One of the most appealing Latin Jazz/Pop crossover artists was drummer/vibraphonist Callen Radcliffe "Cal" Tjader. Cal had a deep appreciation and respect for Afro-Cuban and Brazilian music.
Tjader's parents were vaudeville performers, and young Cal became an accomplished tap dancer, drummer and pianist as a child.
Cal met pianist Dave Brubeck at San Francisco State College in the 1940s, and played drums and vibes in several groups with Brubeck before moving on to work with pianist George Shearing. He taught himself vibraphone and developed an active interest in Latin percussion. In 1954, just in time for the mambo craze, he formed the Cal Tjader Modern Mambo Quintet.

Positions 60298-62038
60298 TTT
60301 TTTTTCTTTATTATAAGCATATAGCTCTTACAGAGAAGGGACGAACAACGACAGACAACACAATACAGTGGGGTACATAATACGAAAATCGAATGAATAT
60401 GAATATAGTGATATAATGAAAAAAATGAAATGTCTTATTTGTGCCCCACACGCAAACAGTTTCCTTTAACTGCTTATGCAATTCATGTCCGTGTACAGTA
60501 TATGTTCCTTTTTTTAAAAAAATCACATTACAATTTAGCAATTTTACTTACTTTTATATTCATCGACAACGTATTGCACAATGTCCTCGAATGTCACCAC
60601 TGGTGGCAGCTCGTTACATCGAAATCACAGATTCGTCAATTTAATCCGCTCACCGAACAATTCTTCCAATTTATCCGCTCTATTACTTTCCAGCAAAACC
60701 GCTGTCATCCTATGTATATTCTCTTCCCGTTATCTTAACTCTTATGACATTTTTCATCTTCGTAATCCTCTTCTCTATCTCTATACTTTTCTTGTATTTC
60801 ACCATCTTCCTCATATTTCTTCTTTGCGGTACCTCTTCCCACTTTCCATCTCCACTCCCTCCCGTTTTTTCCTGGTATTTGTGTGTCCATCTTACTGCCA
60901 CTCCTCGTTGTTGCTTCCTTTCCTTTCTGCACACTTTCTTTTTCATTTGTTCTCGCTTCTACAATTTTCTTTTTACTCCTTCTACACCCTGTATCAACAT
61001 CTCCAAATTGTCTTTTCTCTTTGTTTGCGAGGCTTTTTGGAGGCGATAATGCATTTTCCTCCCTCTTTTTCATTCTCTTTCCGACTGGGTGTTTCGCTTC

Tjader's recordings in the late 1950s with percussionists Willie Bobo and Mongo Santamaria took his fans beyond mambo. Their remake of a Dizzy Gillespie/Chano Pozo tune "Guarachi Guara," later called "Soul Sauce," was a pop music hit. His 1960s collaborations with pianist Eddie Palmieri are a showcase of multi-layered, innovative Latin Jazz compositions.
Award-winning conguero and bandleader Poncho Sanchez worked with Tjader in the 1970s, and he refers to Cal as his “musical father,” both for his musicianship and his professionalism.
San Francisco-based author S. Duncan Reid published his detailed biography of Cal Tjader in 2013, and it's worth adding to your collection.
We'll hear the title track from Cal Tjader's 1966 album Soul Burst this week on Saturday Jazz Caliente.
Until then, here's "Aleluya" from Cal's 1980 appearance on Merv Griffin's TV show.
Jazz Caliente airs Saturdays at 5:00 p.m. The show is hosted by Robin Lloyd and produced by KNKX Public Radio.